by Kelly Hawes
Mayor Ted Franklin has gotten off to a strong start in his bid to rid the city of eyesores.
Logansport had 78 properties on its condemned list when Franklin took office in January.
His brother, George, the city’s former code enforcement officer, and Deb O’Connor, its acting building commissioner, spent weeks traveling around the city, checking out those structures. They contacted the owners and set up an improvement plan for 18 of them. They also added 14 new properties to the list.
So, the condemned list now stands at 74, and the city is looking for money to demolish many of the structures. Right now, it has a budget of $50,000.
Franklin says he has been searching through the budget for more money. He has a long way to go.
The city of Peru announced last month it would spend about $250,000 to demolish 22 derelict houses. As it stands, Logansport has more than three times that many dilapidated houses and only a fifth of the money.
Using the traditional approach to demolition, the city says, would cost $10,000 to $12,000 per structure, an amount that would add up to more than $750,000 for all of the houses on the list.
A local deconstruction company says it will tackle some of the homes for about half the cost.
The city might also save some money by using street department crews for some of the work.
The good news is that city officials can go after property owners to cover the expense. The bad news is those efforts will often come up empty as many of the properties wind up in tax sales.
Still, Franklin is right when he says the city’s efforts to spruce up local neighborhoods will pay dividends. The more problem properties the city eliminates, the more value it will bring to neighboring homes and the more pride people will take in their own houses.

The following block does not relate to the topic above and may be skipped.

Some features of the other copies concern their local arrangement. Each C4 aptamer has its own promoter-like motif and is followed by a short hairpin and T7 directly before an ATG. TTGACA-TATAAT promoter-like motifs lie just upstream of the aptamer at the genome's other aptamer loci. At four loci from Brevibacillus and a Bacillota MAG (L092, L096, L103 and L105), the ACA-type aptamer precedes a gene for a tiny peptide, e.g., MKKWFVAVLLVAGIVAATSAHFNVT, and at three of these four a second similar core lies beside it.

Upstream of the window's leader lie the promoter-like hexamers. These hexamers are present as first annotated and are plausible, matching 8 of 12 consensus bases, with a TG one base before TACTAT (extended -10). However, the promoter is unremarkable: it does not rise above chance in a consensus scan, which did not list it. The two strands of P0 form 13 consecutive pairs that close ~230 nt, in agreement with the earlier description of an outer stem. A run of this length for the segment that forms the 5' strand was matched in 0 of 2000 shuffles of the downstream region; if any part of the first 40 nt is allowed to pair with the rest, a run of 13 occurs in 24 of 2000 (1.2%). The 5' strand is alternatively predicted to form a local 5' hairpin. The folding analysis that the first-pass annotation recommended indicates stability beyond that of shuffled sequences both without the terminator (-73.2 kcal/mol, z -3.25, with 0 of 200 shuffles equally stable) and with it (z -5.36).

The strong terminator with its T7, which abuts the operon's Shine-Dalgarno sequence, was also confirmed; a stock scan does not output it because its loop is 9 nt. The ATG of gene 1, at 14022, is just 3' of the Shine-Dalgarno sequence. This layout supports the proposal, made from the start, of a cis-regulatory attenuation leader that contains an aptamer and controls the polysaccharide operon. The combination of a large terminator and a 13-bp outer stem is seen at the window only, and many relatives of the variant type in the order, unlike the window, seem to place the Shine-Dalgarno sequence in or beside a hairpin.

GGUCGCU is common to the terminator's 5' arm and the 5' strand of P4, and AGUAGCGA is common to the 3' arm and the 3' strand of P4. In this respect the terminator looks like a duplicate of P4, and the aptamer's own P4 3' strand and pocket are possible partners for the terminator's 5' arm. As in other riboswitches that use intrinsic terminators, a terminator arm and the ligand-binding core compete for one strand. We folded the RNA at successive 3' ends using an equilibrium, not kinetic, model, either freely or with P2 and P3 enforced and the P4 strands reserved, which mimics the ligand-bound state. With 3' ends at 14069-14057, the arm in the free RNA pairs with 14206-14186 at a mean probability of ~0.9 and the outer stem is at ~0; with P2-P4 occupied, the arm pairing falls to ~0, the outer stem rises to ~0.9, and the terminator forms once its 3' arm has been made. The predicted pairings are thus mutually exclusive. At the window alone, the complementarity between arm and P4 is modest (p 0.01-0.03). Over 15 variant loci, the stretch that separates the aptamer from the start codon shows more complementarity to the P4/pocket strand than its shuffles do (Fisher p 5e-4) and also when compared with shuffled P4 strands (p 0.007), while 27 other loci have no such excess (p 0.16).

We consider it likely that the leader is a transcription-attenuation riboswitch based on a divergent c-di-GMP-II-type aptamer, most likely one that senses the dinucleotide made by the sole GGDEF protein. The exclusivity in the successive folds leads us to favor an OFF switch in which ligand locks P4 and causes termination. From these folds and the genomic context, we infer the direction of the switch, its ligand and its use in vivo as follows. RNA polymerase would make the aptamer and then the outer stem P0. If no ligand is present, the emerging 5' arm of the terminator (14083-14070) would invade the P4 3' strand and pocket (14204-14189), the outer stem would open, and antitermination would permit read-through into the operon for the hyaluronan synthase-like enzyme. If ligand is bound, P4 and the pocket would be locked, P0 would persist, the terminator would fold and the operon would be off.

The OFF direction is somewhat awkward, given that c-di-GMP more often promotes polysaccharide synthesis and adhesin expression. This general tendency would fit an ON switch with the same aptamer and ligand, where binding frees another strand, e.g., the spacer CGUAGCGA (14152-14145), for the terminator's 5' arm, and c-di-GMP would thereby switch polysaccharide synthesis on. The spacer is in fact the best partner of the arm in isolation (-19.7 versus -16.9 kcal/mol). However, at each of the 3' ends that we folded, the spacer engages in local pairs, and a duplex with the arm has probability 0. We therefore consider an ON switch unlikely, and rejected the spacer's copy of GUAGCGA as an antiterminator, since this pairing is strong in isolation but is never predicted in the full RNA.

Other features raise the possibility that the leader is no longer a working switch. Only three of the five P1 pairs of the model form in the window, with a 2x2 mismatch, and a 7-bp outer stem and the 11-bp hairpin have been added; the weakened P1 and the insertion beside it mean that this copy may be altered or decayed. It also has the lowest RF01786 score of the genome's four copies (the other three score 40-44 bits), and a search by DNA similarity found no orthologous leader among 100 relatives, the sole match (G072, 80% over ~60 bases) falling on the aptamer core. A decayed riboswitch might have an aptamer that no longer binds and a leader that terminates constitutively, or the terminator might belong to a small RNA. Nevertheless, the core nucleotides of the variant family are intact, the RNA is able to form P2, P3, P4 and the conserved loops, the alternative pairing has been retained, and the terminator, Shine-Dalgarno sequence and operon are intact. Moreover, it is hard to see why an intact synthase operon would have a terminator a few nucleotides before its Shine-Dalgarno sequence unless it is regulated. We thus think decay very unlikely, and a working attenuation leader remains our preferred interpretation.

“This is contagious,” he said last month. “When we clean up a property, the neighbors start cleaning up.”
And not all of the properties will have to be torn down.
Some are clearly beyond hope. They have deteriorated to the point where they’ll never be saved.
Others, though, can and should be restored.
The city’s best hope is to find property owners willing to take on these projects.
Many of the houses have historic significance that would qualify them for state and federal tax credits. The city might also be able to find grants that would help to provide incentives for individuals willing to take on such projects.
Urban homestead programs that allow individuals to take over abandoned properties and restore them have been successful in many communities.
Even in many of the houses that can’t be saved, there are architectural elements that ought to be preserved.
Historic preservation groups and other organizations such as Habitat for Humanity have had success in some cities setting up warehouses where such elements can be sold to people working to restore old houses, and the proceeds from those sales help to support the organizations and their missions.
And so the city should push ahead with a mixed approach to these eyesores.
It should continue putting the heat on existing property owners to develop plans for their deteriorating structures. It should look for funding to encourage those folks and others to move ahead with restoration efforts.
It should spread the word about the incentives already available from the state and federal government.
And it should, as a last resort, move to tear down the structures that can’t be saved.
• Kelly Hawes is managing editor of the Pharos-Tribune. He can be reached at 574-732-5155 or email@example.com.